Alumni Hot Shots {University Communications}

Image: Photos of SF State alumni


Photo of Dennis Chaconas Dennis Chaconas
Former superintendent
Even during the bell-bottom '60s, this former Oakland schools chief wore a suit to SF State because his immigrant father had read that respectable college boys dressed that way.
Photo of Robert Deegan Robert Deegan
The ninth superintendent and president of Palomar College in San Marcos, he earned his bachelor's degree in psychology and his master's in counseling from SF State.
Photo of Brother Ronald Gallagher Brother Ronald Gallagher
The 28th president of Saint Mary's College of California credits influential faculty at SF State such as Richard Trapp and Mike Zimmerman with igniting his interest in higher education.
Photo of Bill Honig Bill Honig
Former superintendent
Long before his 1982 election as state superintendent of public instruction, he was a master's student at SF State who spent mornings teaching children in inner-city schools.
Photo of David Mertes David Mertes
As chancellor of the California Community Colleges from 1988 to 1996, this biology major helped institute important reforms at this educational system.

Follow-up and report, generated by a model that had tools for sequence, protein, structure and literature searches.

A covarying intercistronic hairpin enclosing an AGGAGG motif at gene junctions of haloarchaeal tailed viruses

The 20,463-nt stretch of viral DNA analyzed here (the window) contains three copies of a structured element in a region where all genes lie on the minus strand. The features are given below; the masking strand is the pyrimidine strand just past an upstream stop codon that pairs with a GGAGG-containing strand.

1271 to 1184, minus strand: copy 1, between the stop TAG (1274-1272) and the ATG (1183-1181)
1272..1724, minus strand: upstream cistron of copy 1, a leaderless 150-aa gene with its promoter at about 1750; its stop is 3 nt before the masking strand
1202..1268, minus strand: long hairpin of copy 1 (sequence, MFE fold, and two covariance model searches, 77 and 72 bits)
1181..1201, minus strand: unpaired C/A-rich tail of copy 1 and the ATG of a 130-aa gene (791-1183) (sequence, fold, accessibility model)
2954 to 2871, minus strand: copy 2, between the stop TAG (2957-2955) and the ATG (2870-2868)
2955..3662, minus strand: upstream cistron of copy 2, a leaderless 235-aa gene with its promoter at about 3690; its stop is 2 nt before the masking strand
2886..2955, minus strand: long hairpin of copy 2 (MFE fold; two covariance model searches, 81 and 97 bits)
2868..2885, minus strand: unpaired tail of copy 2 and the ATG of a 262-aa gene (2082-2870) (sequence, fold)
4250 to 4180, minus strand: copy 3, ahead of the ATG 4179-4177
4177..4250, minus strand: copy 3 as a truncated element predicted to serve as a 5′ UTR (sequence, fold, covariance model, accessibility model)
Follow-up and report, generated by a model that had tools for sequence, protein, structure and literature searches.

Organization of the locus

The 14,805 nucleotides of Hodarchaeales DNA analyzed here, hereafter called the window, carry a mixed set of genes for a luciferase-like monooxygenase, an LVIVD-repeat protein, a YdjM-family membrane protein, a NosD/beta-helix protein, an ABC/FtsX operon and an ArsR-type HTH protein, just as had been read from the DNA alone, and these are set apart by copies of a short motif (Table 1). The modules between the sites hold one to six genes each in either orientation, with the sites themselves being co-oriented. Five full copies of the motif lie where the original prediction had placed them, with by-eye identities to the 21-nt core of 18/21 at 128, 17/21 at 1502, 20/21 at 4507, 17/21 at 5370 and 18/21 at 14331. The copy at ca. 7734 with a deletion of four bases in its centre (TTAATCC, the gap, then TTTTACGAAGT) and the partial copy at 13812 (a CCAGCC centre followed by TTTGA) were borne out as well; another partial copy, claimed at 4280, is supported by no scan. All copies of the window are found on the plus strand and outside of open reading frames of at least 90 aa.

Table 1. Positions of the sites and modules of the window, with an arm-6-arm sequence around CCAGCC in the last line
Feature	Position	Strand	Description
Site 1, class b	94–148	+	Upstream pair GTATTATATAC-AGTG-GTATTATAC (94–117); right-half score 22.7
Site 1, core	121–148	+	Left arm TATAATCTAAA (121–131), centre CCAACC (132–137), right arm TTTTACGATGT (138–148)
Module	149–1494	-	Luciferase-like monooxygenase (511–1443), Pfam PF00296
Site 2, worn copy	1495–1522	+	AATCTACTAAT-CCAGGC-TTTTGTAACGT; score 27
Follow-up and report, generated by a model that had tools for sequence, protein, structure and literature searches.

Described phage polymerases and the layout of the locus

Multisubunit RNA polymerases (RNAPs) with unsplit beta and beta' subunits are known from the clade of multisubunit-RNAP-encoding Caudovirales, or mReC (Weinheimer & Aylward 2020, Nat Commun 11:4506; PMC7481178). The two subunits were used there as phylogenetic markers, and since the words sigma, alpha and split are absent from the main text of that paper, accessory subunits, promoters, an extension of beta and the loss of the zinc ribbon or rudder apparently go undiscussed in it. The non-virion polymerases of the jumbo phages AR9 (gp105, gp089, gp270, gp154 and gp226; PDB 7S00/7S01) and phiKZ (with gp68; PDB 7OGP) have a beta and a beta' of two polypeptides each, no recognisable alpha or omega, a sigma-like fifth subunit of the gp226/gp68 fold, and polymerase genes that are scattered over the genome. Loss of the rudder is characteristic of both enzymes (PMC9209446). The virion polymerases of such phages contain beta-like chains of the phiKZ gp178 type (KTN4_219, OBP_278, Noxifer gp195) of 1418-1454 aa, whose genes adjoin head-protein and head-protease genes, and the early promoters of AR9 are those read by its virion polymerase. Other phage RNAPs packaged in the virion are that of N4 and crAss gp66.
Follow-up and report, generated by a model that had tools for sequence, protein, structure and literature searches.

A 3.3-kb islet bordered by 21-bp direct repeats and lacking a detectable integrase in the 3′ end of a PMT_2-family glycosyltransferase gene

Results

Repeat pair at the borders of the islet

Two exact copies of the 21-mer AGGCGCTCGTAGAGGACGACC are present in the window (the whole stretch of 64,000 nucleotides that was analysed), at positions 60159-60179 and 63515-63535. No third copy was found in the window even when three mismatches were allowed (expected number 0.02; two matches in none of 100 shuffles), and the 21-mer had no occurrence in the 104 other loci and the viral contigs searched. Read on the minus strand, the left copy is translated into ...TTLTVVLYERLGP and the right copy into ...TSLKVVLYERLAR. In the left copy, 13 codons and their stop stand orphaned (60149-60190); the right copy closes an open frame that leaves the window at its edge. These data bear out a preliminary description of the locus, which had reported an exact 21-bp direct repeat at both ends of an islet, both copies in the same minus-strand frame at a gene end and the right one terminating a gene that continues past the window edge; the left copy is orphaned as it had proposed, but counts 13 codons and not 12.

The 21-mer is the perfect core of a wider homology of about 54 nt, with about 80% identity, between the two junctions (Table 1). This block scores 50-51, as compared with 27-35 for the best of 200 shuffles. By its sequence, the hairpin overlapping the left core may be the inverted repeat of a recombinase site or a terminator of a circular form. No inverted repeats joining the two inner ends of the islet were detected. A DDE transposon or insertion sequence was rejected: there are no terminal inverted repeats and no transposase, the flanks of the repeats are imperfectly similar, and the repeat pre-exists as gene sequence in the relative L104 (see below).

Photo of Catilin Schwarzman Caitlin Schwarzman
As part of her graduate thesis, this teacher with a love of sailing mapped out the Tall Ship Semester for Girls program, a challenging "school at sea" to help students shape up when they ship out.
Photo of Linda Shore Linda Shore
Science educator
This executive director of the Astronomical Society of the Pacific got starry-eyed about astronomy after taking a class because a friend said it would be "easy."
Photo of Caroline Vaughan Caroline Vaughan
United Nations official
She headed the United Nations Language and Communications Programme at U.N. headquarters in New York City before assuming the role of chief of the Central Review Bodies secretariat in its Office of Human Resources Management.
Photo of Alice Fong Yu Alice Fong Yu
Bilingual education pioneer
The first Chinese American public school teacher in San Francisco, she graduated in 1926 only to be told that Chinese Americans were not being hired. She persisted until she found a principal willing to employ a bilingual teacher. Today San Francisco's Alice Fong Yu Chinese immersion elementary school honors her memory.


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